The most common types we see are toxic encephalopathy, metabolic encephalopathy, anoxic encephalopathy, hepatic encephalopathy, hypertensive encephalopathy, acute encephalopathy and just documentation of encephalopathy. This is only a short list of entries under encephalopathy in the ICD-10-CM Alphabetic Index.
Toxic Encephalopathy G92
Indexed in ICD-10-CM to G92 is caused by exposure to neurotoxic substance, poisoning or OD and can be caused by everyday products that we use. Treatment is geared towards the cause or the symptoms. This type of encephalopathy is most often irreversible.
Metabolic Encephalopathy G93.41
Indexed in ICD-10-CM to G93.41 (there are also entries for drug induced and toxic) is caused by lack of glucose, metabolic agent, or electrolyte imbalance. An electrolyte imbalance can be caused by many conditions including, dehydration, trauma, renal failure, and infection. Treatment is geared towards the cause or the symptoms and is most often reversible once the metabolic issue is corrected.
Anoxic Encephalopathy G93.1
Indexed in ICD-10-CM to G93.1 is caused by brain damage due to lack of oxygen and referred to as hypoxic encephalopathy. This type is oftentimes permanent and irreversible depending on how long the brain cells lack oxygen. This can be caused by cardiac arrest, seizures or just when lack of breathing adequately exists such as in patients with lung disease. This can also occur in the fetus if the blood supply from the placenta is compromised.
Indexed in ICD-10-CM to K72.90 (unless specified with coma) until 9/30/22, is caused by liver failure/disease. As of 10/1/22, a new code was created, K76.82, Hepatic encephalopathy and it will not be a CC or MCC. When the liver is diseased or in failure it is not able to remove toxin from the blood and they accumulate in the brain. The diagnosis of hepatic encephalopathy does not mean “coma” is always present. For a coder to report that this is with coma, the MD would need to document as such. This is a possibly reversible condition with the appropriate treatment and compliance with the treatment. This is commonly seen in patients with cirrhosis, acute liver failure, chronic liver disease, and hepatitis as well as other diseases.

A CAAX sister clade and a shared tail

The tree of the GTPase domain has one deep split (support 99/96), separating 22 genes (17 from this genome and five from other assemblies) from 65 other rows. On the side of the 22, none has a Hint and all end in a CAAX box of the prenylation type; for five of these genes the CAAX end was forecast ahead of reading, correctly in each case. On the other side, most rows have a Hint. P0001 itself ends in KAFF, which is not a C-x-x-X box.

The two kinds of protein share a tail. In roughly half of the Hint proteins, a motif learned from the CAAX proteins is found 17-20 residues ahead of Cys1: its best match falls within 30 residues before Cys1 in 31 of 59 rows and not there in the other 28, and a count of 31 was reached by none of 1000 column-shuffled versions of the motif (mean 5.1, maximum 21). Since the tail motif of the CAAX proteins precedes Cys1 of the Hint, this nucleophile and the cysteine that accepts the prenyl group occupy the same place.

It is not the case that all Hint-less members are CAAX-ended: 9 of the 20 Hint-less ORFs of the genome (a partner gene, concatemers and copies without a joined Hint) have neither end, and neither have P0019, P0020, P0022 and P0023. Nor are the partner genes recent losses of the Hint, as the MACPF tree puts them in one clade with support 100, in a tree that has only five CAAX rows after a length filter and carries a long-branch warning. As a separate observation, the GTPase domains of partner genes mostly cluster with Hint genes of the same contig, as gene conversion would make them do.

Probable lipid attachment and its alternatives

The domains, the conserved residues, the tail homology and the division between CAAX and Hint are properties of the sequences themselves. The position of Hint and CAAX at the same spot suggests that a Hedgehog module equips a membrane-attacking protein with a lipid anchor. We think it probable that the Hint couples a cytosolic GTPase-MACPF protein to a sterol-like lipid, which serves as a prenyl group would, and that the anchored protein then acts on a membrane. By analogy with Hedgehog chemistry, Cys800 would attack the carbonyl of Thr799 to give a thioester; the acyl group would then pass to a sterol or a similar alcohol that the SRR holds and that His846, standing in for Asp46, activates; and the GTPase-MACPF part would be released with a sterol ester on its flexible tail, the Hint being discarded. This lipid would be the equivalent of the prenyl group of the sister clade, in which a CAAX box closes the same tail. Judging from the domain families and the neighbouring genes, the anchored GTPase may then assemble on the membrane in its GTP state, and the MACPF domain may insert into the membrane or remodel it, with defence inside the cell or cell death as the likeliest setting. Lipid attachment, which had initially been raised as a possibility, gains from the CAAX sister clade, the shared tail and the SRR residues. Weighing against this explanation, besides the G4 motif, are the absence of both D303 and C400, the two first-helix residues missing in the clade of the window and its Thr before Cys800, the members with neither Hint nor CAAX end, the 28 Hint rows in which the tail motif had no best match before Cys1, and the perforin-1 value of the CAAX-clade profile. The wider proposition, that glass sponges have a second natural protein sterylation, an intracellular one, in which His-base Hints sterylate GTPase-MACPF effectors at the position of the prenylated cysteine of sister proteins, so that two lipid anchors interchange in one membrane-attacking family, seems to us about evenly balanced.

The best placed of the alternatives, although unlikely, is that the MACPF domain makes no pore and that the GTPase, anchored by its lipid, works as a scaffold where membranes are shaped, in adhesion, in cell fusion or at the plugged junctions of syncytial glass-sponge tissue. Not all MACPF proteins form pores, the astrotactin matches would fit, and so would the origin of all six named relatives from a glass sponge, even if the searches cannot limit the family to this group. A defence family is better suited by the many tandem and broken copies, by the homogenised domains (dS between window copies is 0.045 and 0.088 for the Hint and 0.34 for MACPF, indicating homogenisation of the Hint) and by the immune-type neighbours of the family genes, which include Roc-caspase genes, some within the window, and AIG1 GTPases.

If a patient has documented both toxic metabolic encephalopathy and hepatic encephalopathy, both would be coded to fully report the patient’s condition. Toxic encephalopathy is not inherent to hepatic encephalopathy. Addition of code G92.8 would be reported.
Hypertensive Encephalopathy I67.4
Indexed in ICD-10-CM to I67.4 is caused by extreme high blood pressure levels. Most often the effects are reversible. Treatment is geared towards decreasing blood pressure.
Acute and/or unspecified Encephalopathy G93.40
Indexed in ICD-10-CM to G93.40 is caused by either a direct injury to the brain or an illness. Most times, the cause is known but not documented by the physician for coders and no further specific code can be assigned.
The ICD-10-CM code G93.49 is reported for other encephalopathy. Other encephalopathy is reported when the documentation supports that the encephalopathy is secondary to a particular cause/disease but there is no entry in the ICD-10-CM Alphabetic Index for that cause/disease. Encephalopathy due to cerebral infarction would be coded to G93.49 since there is no specific entry under encephalopathy for due to cerebral infarction. This is only if the type of encephalopathy has not be specified (toxic, metabolic, hypertensive, etc.). However, encephalopathy due to sepsis is coded to G93.41 since there is an entry under encephalopathy for septic.
Remember that encephalopathy due to postictal state is not coded separately as it is integral to the seizure (see AHA CC 4Q2013 Page: 89-90). However, static encephalopathy due to epilepsy is coded separately. This is reported as “other” encephalopathy. Static encephalopathy is different than the postictal encephalopathy. Postictal state or encephalopathy due to a patient having a seizure is a transient occurrence with return to normal. Static encephalopathy is a chronic or permanent condition that is not going to return to normal.
For specific reporting questions, please see AHA Coding Clinic as there are multiple questions and answers addressing this diagnosis.
AHA Coding Clinic, Fourth Quarter 2022, Page: 27.
AHA Coding Clinic, Second Quarter 2018 Pages: 22-25
AHA Coding Clinic, Fourth Quarter 2018 Page: 16
AHA Coding Clinic, First Quarter 2021 Page: 13
AHA Coding Clinic, Second Quarter 2021 Pages: 3-4
AHA Coding Clinic, First Quarter 2022 Pages: 52-53
AHA Coding Clinic, Second Quarter 2017 Pages: 8-9
AHA Coding Clinic, Third Quarter 2016 Page: 42
AHA Coding Clinic, Second Quarter 2016 Page: 35
AHA Coding Clinic, Fourth Quarter 2013 Pages: 89-90
AHA Coding Clinic, Fourth Quarter 2009 Pages: 99-101
HIA’s comprehensive auditing approach includes acute coding audits and Clinical Documentation Integrity (CDI) audits .
Subscribe to our Newsletter
to our Newsletter
Weekly medical coding tips and coding education delivered directly to your inbox.